Question: Is prophecy only available for "after the fact" confirmation that God has acted?

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Question: Is prophecy only available for "after the fact" confirmation that God has acted?

This claim fails on logical and scriptural grounds, and contradicts the teachings of Joseph Smith

Some who are excommunicated from the Church claim that prophecy is only given so we can understand "after the fact" that God has acted. God does not let anyone know what will come. [1]

It appears that this is simply one more tactic to encourage members of the Church to disregard prophets and assure them that no one can foretell the future with sufficient detail or clarity to be useful, except after the fact. It allows him to use his own interpretations of prophecy and insist that he should be heeded when he disagrees with the interpretation given by prophets.

It is a variant of a tactic described in the Book of Mormon from Korihor and Sherem, the two anti-Christs:

O ye that are bound down under a foolish and a vain hope, why do ye yoke yourselves with such foolish things? Why do ye look for a Christ? For no man can know of anything which is to come (Alma 30:13).

And now behold, I, Sherem, declare unto you that this is blasphemy; for no man knoweth of such things; for he cannot tell of things to come (Jacob 7:7).

The only difference is that in this case, the critic claims that "no man can know of anything which is to come" until it has already happened—which is functionally the same thing. If we cannot understand prophecies until they have come to pass, then prophets and the prophecies cannot guide our lives and choices. If they accept this, then members of his audience are vulnerable to accepting Snuffer's interpretation of prophecy.

This claim fails on logical and scriptural grounds, and contradicts the teachings of Joseph Smith, whom the author claims to sustain as a prophet.

"The grand rule of heaven was that nothing should ever be done on earth without revealing the secret to his [the Lord's] servants the prophets, agreeably to Amos 3:7."
—Joseph Smith, Jr.[2]

One excommunicated critic claims:

Prophecy is not given so you can anticipate the details beforehand. Prophecy is only given so that after the event takes place, you can then understand the scriptures’ meaning. Only after He has acted can you understand how the Lord intended to accomplish His will and fulfill His promise. Prophecy’s purpose is not to allow you beforehand to know the events with enough specificity so that God's will could be anticipated, prevented, and frustrated. If you knew what He was up to, you could prevent it. But because you do not, when the prophecies are fulfilled, then you know the Lord has acted. God can use any means He chooses to accomplish His promises. Everything God is doing is not disclosed at the time it is underway.[3]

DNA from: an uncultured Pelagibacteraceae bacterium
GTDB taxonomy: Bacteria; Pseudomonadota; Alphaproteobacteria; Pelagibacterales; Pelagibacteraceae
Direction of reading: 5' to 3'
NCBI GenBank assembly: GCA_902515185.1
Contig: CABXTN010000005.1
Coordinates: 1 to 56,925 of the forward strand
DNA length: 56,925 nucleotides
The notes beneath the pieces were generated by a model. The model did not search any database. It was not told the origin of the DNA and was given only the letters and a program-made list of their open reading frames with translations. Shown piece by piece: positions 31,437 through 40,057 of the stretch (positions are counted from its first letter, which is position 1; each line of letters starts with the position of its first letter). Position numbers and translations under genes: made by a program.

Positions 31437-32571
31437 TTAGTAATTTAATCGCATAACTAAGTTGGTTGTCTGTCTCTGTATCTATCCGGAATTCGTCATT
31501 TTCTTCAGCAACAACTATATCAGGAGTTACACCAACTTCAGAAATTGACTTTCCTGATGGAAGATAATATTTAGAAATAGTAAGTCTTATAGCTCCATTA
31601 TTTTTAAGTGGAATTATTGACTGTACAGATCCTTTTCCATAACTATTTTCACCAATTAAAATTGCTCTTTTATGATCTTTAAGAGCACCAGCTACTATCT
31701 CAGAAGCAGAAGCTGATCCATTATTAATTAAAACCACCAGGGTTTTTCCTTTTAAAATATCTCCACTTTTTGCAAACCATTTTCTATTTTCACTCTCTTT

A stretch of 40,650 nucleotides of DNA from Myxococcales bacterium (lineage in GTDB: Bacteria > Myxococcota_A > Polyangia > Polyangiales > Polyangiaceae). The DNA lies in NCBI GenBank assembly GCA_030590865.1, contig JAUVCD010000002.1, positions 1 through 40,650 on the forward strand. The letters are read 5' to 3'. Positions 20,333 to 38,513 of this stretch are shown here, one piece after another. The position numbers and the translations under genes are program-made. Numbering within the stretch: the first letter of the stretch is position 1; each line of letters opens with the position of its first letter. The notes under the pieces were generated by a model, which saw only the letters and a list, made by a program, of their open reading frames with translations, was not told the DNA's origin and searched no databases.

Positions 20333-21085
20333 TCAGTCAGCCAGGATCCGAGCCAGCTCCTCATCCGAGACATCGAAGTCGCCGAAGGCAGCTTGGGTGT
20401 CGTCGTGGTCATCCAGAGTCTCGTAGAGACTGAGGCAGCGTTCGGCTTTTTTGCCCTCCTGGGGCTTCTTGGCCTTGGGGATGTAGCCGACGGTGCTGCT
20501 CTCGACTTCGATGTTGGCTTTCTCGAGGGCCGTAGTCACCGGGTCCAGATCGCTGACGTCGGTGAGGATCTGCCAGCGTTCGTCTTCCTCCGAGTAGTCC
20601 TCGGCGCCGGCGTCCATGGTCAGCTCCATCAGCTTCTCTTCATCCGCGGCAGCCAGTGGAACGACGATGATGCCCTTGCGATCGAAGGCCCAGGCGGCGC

The author claims that if the future were foretold, "God's will could be anticipated, prevented, and frustrated." "If you knew what He was up to," he claims, "you could prevent it."

This is illogical. God's will—by definition—cannot be frustrated. No one can prevent God bringing to pass his purposes. God is all-powerful, and all-knowing. Mortals cannot thwart his purposes, save that they may use their moral agency to refuse to follow God's purposes for them. Thus, a mortal might thwart God's desire that he be saved, but he cannot thwart God's purposes in history, or God's desire to save others.

Scriptural claims

Scriptural examples of foretelling are numerous.

  • Jesus warned the Christians of the impending destruction of Jerusalem (Matthew 24:)., with the result that many Christians escaped the Roman destruction of AD 70.
  • Detailed prophecies of Christ's birth were available, anticipated, and were not able to be thwarted. The Book of Mormon—which the critic claims to believe is scripture—is simply brimming with examples. (For a few, see: 2 Nephi 25:19; Helaman 14:2,12; 3 Nephi 1:4-9).
  • God promises that he will tell prophets before-hand of his plans and intent—"Surely the Lord GOD will do nothing, but he revealeth his secret unto his servants the prophets" (Amos 3:7).
  • The Book of Mormon begins with a testimony that Jerusalem will be destroyed—and it was. The captive Jews were also prophesied to return, and they did (1 Nephi 1:4,13; 2:13; 3:17; 10:3; 2 Nephi 1:4); 25:10).
  • The name of Joseph Smith and his father were announced (2 Nephi 3:15).

Readers can doubtless think of many other examples.

Joseph Smith

Joseph said: